There’s plenty of optimistic talk about the great future for IoT (and machine learning) but conversations with industry veterans such as Holness and Armstrong highlight some difficulties when it comes to actually implementing systems.
According to Holness, one problem is that for these systems to do what was intended, adequate training must be provided for building operators, and systems must be properly commissioned and maintained.
Says Holness, “A major new driver and opportunity for saving energy in commercial buildings is ASHRAE Standard 100 Energy Efficiency in Existing Buildings.” Re-written and published in early 2015, the standard sets specific energy targets by building type, climate zone, and occupancy.
For example a bank building in New York City that operates 12 hours a day would have an energy target of 83 kBtu/ft2.yr. The standard includes detailed operation and maintenance requirements and identifies more than 300 energy efficiency measures (including building automation and control systems) that could be applied on a return on investment (ROI) or life cycle cost basis. The standard is written in code language for adoption by authorities having jurisdiction. “On an aggregate basis, the standard would save 30% of energy used by existing buildings,” Holness says.
When considering sophisticated building systems, the tendency is to think of high-rise buildings. But most commercial buildings in the U.S. are less than 25,000 square feet in size. And even the largest buildings have multiple subdivided units. Those configurations requires a “whole different level of sophistication,” says Holness. “You need systems and equipment that are responsive to those smaller modules.” One way to address that is to look at buildings as a collection of zones, each with individual modular control of its environment.
That presents its own problems. For example, for HVAC, it is most efficient to dynamically set the pressure to meet the lowest requirements of a zone. But if occupants of one zone complain that they are not getting enough air, the operator will change the zone pressure setpoint and the whole system receives a higher flow rate than what was intended.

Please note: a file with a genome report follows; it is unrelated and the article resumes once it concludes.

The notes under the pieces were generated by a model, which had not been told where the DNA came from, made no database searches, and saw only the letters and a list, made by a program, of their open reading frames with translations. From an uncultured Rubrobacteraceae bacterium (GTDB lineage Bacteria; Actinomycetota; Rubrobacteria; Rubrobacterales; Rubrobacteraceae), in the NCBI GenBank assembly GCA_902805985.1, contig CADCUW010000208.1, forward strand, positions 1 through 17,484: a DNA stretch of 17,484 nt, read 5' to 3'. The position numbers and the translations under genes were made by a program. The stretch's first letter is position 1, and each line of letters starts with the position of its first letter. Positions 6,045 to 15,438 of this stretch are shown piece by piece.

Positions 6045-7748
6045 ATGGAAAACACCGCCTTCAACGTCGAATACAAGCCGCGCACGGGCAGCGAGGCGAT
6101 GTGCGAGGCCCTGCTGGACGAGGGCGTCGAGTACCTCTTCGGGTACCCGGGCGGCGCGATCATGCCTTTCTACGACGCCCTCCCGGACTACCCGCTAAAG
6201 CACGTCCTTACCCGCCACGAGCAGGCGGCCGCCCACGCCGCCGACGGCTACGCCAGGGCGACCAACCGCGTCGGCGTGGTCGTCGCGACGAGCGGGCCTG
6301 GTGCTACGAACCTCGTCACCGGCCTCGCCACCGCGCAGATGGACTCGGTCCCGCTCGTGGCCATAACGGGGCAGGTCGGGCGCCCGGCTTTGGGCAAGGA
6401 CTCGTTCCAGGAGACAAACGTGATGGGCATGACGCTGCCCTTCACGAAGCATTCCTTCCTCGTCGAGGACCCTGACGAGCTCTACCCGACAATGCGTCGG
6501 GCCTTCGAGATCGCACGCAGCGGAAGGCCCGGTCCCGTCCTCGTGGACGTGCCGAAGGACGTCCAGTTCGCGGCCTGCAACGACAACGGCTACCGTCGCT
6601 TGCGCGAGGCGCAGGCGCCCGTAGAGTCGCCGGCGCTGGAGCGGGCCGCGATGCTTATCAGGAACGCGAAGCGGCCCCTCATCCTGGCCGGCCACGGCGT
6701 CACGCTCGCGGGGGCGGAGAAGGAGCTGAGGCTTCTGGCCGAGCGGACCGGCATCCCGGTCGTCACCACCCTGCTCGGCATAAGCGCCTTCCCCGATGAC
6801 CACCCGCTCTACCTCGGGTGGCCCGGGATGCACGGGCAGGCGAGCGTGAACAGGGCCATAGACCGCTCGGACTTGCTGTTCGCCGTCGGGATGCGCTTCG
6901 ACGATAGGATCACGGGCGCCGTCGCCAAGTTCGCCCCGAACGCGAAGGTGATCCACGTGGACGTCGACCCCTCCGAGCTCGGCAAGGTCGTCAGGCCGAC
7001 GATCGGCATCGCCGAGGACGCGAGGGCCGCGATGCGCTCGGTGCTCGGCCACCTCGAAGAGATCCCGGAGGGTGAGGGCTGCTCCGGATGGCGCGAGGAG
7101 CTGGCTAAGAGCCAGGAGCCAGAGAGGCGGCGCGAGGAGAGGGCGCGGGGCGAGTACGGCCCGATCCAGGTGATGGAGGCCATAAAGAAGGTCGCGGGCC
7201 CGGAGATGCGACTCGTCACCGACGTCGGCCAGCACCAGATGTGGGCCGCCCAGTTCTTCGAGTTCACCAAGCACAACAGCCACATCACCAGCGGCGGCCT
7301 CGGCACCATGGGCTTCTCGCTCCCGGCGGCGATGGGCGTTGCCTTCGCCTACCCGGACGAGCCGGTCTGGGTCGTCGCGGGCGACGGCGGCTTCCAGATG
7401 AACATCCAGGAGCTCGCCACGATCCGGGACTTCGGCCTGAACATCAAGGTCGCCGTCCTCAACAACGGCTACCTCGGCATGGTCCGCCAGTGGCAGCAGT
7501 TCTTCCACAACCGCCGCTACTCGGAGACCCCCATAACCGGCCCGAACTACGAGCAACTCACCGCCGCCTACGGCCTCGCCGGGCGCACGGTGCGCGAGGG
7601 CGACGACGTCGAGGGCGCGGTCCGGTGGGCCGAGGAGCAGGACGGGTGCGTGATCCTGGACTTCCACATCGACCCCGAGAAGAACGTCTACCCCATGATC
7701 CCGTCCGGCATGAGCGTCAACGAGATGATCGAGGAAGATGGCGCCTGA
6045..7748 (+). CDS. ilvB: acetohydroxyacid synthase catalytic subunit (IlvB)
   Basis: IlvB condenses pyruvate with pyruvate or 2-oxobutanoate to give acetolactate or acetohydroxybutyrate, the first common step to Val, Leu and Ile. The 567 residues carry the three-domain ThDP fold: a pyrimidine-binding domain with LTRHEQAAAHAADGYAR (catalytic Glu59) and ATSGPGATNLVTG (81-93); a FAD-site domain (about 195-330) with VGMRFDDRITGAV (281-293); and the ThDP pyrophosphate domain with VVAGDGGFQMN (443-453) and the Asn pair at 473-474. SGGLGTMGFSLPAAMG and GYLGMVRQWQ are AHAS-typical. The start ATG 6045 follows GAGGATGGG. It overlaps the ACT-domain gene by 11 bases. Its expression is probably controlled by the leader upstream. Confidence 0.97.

Anthony talks about some manufacturers using their presence on energy conservation consensus standards committees to propose more sensing devices (such as temperature, carbon-dioxide and air flow sensors) that may contribute little to improving energy conservation. Instead, these devices may add another layer of wiring, firmware, and life cycle maintenance cost. Compounding that, says Anthony, much of his work on standards committees involves halting amendments proposed by manufacturers seeking to “make a market” for devices with little if any technical basis.
Economic gains may result from reducing energy costs by programming building systems. In addition to reducing total usage, economic benefits can be achieved by balancing the timing of loads in order to reduce peak demand. Because managing peak demand can be a challenge for utilities, a charge typically is imposed for the highest usage over a 15-minute period in addition to total consumption.
While potential savings may be had by cutting energy costs, one question is the length of time it takes to recoup investments in equipment and labor. At present, falling energy prices are extending the ROI time span, making investment in building systems a harder sell. There may be, however gains to be achieved in addition to savings on energy.
According to the U.S. Green Council, buildings with improved environmental conditions are better able to attract and retain workers and may increase productivity.
And according to High Performance Buildings Magazine, not only are energy costs lower, but total lifecycle costs are reduced by energy efficiency measures. What’s more, the median value of “green” buildings can be as much as 7% higher than traditional buildings.
Thus, building owners and engineers who automate building systems often can save money on energy, attract tenants, help utilities provide more reliable energy, and improve the environment, a potentially winning combination.